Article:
Wednesday, July 28, 2004

And finally, monsieur, a wafer-thin mint

Well it was a busy day yesterday.

First port of call was Eastleigh and our accountants Langdowns DFK to sign the forms making Mary a fully-fledged director of M&M Enterprises thus turning it from Mark&McLellan to Mark&Mary. Not that we are exactly a major multi-national corporation, more what the Americans call a "Mom and Pop operation". Still it is worth being a company for tax efficiency reasons.

Second port of call was London and the Oral Hygiene Centre in Devonshire Place for a full set of "after" X-rays. The "before" set was taken fifteen years ago when I first starting seeing Raj Rayan. Now, many root canal treatments and eleven - count'em, eleven - crowns later he felt it was time for an "after" set. Each crown was carefully colour-matched to the existing teeth which means they are all the same old not-as-white-as-I-would-like colour. But they are structurally sound, all mine and paid for!

Third port of call was Charlotte Street to meet up with Pete and Amanda for drinks then across the road to Fino, Tapas restaurant. The food was excellent but not cheap. One high spot was the presence of Pedro Ximenes, PX to it's friends, on the wine list - like liquid Christmas pudding. This was recommended as an accompaniment for ice-cream and is what we would have taken to Bob and Lynn's on Saturday if we had had any. So this was a chance to try it and I just had to have the Chocolate Brownie with pistachio ice-cream. Mind you it was struggle, I felt like Mr Creosote by the end.

Monday, July 26, 2004

Croquet by moonlight

(well more like dusk really) On Saturday we went round to Bob and Lynn's for a BBQ and croquet on the lawn along with their neighbours, Duncan and Cathy. Given the size of the lawn there was a fair amount of taking a drop from the flower bed. Duncan has been practising for some weeks so Duncan and Lynn romped ahead with Bob and I closing the gap towards the end but still not enough to win.

Mary and I were on starters-and-puds duty so took along Cajun prawns and two lots of home made ice cream (Cherry and Stem ginger). To go with it we took a 1995 Tokay (6 puts) and a 1998 Noble Reisling from Jim Barry. The latter was excellent. I am on a campaign to persuade restaurants to stock dessert wines. Everytime I order a dessert and they have no sweet wines on their list I give them a hard time - protesting in the politest way - and suggest they should expand their wine list.

Friday, July 23, 2004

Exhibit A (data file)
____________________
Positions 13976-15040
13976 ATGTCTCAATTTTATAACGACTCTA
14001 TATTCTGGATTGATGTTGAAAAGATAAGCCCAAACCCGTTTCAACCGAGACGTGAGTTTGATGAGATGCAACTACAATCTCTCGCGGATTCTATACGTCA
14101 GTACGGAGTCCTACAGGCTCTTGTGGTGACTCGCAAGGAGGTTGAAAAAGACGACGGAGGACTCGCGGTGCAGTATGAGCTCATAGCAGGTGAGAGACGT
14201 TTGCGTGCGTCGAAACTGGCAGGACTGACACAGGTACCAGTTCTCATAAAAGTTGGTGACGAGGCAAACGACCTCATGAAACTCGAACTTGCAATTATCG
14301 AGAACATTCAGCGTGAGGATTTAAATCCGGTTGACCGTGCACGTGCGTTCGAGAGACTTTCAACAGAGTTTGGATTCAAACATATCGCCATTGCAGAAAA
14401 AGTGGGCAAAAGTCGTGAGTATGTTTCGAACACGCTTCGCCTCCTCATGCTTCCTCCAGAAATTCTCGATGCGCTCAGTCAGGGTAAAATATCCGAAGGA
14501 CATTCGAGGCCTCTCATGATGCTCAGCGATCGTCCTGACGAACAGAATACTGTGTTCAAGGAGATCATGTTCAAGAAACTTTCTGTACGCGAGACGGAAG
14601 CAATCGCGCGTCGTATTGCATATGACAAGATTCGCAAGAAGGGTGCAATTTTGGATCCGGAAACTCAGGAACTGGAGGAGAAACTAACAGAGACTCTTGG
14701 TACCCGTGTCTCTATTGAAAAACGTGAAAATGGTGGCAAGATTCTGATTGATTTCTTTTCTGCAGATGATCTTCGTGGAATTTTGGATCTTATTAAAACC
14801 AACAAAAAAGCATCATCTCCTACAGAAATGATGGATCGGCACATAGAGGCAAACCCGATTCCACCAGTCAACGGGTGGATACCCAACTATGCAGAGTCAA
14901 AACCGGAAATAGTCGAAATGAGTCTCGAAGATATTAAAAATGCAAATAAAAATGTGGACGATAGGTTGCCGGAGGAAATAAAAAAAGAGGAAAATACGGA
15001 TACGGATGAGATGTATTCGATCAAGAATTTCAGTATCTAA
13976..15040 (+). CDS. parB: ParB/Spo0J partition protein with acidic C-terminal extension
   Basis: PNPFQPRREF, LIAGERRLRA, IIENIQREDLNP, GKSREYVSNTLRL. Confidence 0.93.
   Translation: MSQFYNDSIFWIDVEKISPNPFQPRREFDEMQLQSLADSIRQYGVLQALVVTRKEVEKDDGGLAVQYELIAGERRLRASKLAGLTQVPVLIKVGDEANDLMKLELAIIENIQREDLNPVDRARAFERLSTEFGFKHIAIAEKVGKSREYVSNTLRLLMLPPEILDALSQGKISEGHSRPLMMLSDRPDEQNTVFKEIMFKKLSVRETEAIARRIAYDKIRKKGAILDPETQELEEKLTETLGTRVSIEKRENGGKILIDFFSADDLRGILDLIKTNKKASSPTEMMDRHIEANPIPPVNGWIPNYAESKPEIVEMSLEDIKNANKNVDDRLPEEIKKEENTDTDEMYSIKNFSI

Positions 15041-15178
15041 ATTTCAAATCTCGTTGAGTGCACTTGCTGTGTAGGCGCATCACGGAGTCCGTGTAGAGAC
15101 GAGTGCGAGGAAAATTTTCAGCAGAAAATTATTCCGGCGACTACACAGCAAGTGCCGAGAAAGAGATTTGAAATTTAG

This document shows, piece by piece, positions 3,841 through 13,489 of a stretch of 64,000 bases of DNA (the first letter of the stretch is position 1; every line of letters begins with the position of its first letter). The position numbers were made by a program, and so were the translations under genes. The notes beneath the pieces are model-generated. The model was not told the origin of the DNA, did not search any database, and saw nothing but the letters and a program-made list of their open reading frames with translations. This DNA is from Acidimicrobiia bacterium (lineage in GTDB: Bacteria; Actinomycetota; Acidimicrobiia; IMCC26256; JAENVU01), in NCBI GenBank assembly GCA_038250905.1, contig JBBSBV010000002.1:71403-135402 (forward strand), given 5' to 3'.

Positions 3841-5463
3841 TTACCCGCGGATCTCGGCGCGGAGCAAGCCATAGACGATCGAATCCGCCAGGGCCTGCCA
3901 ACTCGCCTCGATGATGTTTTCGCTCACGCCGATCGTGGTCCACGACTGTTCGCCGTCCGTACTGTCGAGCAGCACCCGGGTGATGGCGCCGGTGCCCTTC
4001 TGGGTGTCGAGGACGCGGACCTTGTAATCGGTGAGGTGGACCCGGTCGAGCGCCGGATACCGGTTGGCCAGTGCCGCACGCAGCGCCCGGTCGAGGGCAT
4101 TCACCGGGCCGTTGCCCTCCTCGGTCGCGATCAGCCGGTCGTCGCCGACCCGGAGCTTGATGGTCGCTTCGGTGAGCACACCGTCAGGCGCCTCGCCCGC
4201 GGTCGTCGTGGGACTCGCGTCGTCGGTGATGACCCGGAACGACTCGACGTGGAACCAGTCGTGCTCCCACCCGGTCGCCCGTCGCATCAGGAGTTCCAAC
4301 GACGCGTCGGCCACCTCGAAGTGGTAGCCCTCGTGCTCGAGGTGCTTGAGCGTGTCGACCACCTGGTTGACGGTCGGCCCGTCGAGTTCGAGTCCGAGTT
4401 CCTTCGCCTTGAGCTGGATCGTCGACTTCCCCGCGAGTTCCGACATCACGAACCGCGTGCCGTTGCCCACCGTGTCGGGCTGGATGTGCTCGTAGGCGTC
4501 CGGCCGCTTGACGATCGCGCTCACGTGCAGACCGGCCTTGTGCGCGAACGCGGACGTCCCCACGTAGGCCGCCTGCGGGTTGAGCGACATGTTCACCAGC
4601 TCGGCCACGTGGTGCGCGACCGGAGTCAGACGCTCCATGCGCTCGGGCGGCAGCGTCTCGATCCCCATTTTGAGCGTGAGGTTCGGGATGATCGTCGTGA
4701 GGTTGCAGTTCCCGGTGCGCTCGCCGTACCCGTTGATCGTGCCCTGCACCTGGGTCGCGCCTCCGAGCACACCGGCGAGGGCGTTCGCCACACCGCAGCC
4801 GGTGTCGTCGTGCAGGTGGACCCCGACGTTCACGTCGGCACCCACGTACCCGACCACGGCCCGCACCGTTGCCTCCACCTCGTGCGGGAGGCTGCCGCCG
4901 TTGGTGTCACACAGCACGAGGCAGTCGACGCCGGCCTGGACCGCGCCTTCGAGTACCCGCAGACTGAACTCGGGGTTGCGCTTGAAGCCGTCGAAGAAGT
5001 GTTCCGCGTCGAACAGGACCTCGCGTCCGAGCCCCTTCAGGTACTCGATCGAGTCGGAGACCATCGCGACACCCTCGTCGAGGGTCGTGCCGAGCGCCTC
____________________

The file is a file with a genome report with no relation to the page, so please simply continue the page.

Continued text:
The Curious Incident of the Dog in the Night-time

Garden leave over :-(

Mary's work tracked her down so we had to come up to London yesterday for her to go into the office. Last night she met up with her friend Andrea for a drink and a meal and I went down to Wimbledon to meet up with my old friend Ros for a meal in Lighthouse - an excellent Italianate restaurant up in the village.

Ros is working part-time with special needs children some of whom suffer from Austism / Asperger's syndrome. So I was telling her about Mary's favorite book of the moment: "The Curious Incident of the Dog in the Night-time" by Mark Haddon. This has had a profound impact on Mary and she has been lending it to as many people as she can saying "you must read this!".

That set me thinking. There have been two books of which I have had to buy multiple copies of because I have given away mine for people to read. They are "A Woman in your own right" by Anne Dickson and "The Road Less Travelled" by M Scott Peck.

The former is as useful for unassertive men in the material world as it is for women. The latter speaks to the spiritual side - there be grace and wisdom.

Wednesday, July 21, 2004

Musical malapropisms

Yesterday was an excellent day in the garden. Blazing sunshine and lots of good stuff done: relocated some hostas, corralled some stray crocosmia, lit a bonfire, planted some chervil, pruned the vines, did lots of weeding. I suffer from a strange sense of humour and always return from watering the vegetables singing "Little Red Courgette".

But now there is a new veg on the block. Yesterday I spent most of the time with the (adapted) words of Sorrow by David Bowie echoing round my skull, "With your long blonde hair and your eyes of blue, The only thing I ever got from you was Sorrel".

Tuesday, July 20, 2004

Garden leave

So we cancelled our flights to Italy and the car hire (and lost 40,000 air-miles into the bargain because I did not read the 24 hour small print). Now we spend a week at home and much of it in the garden. Me because I have no work this week and Mary because she has resigned from her current employer.

Although Mary is employed until the end of the month they are very unlikely to assign her a new piece of work. So it is occasional visits to the office for hand-over to colleagues, final admin and the odd meetings. The rest of the time is R&R until her first contract as a self employed person starts next month.

Friday, July 16, 2004

Robert De Niro's Waiting...*

...and so are we. Talking Italian organisational abilities. Piss up in a brewery. On our trip to Italy two weeks ago we were assured that the purchase of our "Hovel in the Hills" would go through this week. And has it? Has it it b*gg*ry! And no confidence that it will happen next week. Then Italy is on holiday for August. So that is probably it until September. Reminds me of the joke:

In Heaven the British are the police, the Swiss the organisers, the French the chefs, the Germans the engineers and the Italians the lovers.

In Hell the British are the chefs, the Swiss the lovers, the French the engineers, the Germans the police and the Italians are the organisers.